Image provided by: University of Oregon Libraries; Eugene, OR
About Oregon daily emerald. (Eugene, Or.) 1920-2012 | View Entire Issue (Jan. 22, 1949)
Recent student traffic violations
have resulted in the appointment
of a traffic investigating commit
tee by Bob Allen, ASUO president.
The committee, composed of Ed
Ladendorff, Bob Uierce, and June
Goetze, is studying the advisability
of setting up -a student traffic
council. According to Miss Goetze,
a student court may be devised
which will try and sentence traffic
Parking facilities pose one of the
major problems to be solved. All
students may be required to regis
ter their cars with University of
ficials. Such registration would
cost 25 cents and would add a little
sticker to each driver’s collection.
The committee is cooperating
with the Eugene chief of police so
that both the city and the Univer
sity will benefit from the plan, if
approved. Final approval rests with
the executive council of the ASUO.
Artists Needed for
Students with drawing ability
are needed this week, according to
Ed Cauduro, art editor of the 1949
Oregana. He said they will be used
Ladendorff, Bob Pierce, and June
ing organizations’ section of the
Cauduro requested that interest
ed students contact him at the Phi
Psi house or Oregana office in Mc
( Continued from page one)
enforcement for junior weekend.”
Shirley Hillard, AGS candidate
for the number two position, sec
retary-treasurer, was introduced
by Nancy Hunter, liberal arts
"Shirley has a remarkable rec
ord in both high school and Uni
versity activities," Miss Hunter
stated. "She was treasurer of the
student body and of her sophomore
class at Astoria high school; where,
in fact, she took part in more ac
tivities than any other girl in the
"She was junior representatitve
to the Pacific Northwest College
conference. She held high offices in
the National Honor society and
Quill and Scroll national journal
ism honorary, and in seven various
clubs and organizations.
"Shirley has continued to make
an outstanding showing in collegi
ate activities," Miss Hunter con
tinued. "She is serving on the Em
erald advertising and layout staff;
she is active in her YWCA fresh
man commission, and is editor of
the current edition of the Y paper,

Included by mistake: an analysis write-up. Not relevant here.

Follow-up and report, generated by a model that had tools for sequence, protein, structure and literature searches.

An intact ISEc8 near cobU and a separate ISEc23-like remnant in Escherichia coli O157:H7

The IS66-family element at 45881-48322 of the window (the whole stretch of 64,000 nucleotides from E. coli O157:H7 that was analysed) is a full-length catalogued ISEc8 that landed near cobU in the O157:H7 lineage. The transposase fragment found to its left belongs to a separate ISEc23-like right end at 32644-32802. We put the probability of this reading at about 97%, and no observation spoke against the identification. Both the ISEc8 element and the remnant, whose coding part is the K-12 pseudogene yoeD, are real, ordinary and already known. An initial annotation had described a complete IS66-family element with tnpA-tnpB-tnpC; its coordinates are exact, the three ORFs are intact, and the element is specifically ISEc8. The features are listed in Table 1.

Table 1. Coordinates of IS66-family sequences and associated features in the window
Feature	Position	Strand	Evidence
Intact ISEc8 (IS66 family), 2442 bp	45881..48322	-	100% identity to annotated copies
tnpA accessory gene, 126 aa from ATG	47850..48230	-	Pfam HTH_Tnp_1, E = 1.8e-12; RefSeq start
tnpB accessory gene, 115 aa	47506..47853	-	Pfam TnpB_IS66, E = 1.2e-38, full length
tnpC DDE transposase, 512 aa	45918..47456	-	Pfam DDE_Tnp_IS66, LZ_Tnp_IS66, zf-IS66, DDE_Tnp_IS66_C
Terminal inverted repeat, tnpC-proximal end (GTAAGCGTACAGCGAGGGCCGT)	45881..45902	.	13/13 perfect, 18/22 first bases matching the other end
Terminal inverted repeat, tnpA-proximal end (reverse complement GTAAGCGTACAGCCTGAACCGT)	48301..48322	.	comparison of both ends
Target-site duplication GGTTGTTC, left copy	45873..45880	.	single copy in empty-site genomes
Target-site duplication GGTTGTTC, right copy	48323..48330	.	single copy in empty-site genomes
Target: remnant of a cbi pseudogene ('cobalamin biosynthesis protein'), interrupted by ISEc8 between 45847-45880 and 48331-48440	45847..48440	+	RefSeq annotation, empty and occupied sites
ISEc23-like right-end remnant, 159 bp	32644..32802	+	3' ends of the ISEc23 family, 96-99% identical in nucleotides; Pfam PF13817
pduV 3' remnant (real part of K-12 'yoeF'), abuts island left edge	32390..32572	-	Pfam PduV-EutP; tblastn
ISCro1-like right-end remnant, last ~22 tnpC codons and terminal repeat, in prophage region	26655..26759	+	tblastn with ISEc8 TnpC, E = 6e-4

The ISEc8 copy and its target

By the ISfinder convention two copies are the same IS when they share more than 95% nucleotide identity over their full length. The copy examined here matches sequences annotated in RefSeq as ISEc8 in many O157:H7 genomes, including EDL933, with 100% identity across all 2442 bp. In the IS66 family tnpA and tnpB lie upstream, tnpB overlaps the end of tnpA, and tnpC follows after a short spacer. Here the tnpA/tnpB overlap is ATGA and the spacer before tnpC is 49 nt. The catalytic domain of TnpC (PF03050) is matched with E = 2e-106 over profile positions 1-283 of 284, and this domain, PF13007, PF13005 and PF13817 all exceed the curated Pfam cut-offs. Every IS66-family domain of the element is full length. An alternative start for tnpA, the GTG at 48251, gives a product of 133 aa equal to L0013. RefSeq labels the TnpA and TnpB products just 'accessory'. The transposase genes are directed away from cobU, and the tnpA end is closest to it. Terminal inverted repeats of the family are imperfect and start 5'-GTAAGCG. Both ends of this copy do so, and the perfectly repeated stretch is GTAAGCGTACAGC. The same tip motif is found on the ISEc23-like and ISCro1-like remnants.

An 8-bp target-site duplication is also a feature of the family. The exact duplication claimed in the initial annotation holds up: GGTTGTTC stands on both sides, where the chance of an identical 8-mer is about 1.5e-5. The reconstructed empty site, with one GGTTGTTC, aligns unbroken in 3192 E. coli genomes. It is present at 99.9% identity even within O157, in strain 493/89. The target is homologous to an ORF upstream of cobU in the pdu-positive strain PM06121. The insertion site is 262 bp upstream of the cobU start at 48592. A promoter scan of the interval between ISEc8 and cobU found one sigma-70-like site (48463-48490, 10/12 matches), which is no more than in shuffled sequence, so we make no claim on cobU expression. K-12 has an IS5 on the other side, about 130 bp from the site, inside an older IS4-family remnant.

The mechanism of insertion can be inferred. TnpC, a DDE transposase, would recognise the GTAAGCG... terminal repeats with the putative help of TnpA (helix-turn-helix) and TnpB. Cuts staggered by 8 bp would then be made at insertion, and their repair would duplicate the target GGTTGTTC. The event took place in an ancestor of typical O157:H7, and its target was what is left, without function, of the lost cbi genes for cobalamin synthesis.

"The Winniette.” She was WSSF
house representative and has
served on committees for AWS,
WAA, and YWCA.”
(Continued from page one)
sues" as one of their main points.
Miss Beatty, interviewed follow
ing her speech for Virginia Wright,
stated that "We believe USA stands
for truly democratic ideals. If our
candidates are elected, we will make
a sincere attempt to revitalize the
class. The recent abandonment of
Frosh Glee by educational activities
makes it more important than ever
that freshmen establish new’ activi
ties, which, once established, are ef
fectively conducted. I think this
frosh council idea of Virginia
Wright's and John Chancy’s picnic
and-dance planks are excellent be
Miss Vogue of 1949
To be Chosen Feb. 3
Miss Vogue of 1949 will be pre
sented February 10 at a silver tea
in Gerlinger hall.
The Oregana full-page girl is
chosen annually by Theta Sigma
Phi, women’s journalism honorary,
to preside at the organization’s
combined fashion show and tea.
Miss Vogue is chosen from can
didates elected by their houses.
Names of this year’s title contest
ants must be submitted to Helen
Sherman, Hendricks hall by Wed
nesday, June Goetze, president of
the honorary, said.
Although Miss Vogue will be
chosen on February 3, a week be
fore the silver tea, all contestants
will model the spring and summer
styles provided by Russell’s depart
Fashions will be selected to suit
the individual girl, Russell's has
No qualifications as to term or
major are set for Miss Vogue can
didates, who will be judged on gen
e ral appearances, poise and groom
ing. Not more than one contestant
is allowed from a house.
University students, under the di
rection of Miss Maude Garnett, are
helping to acquaint Oregon school
children with American folk music
over “Let’s Sing, America,” KOA
C's weekly broadcast.
Every Thursday from 1:15 to 1:45
p. m. a group of students interested
in the field of public school music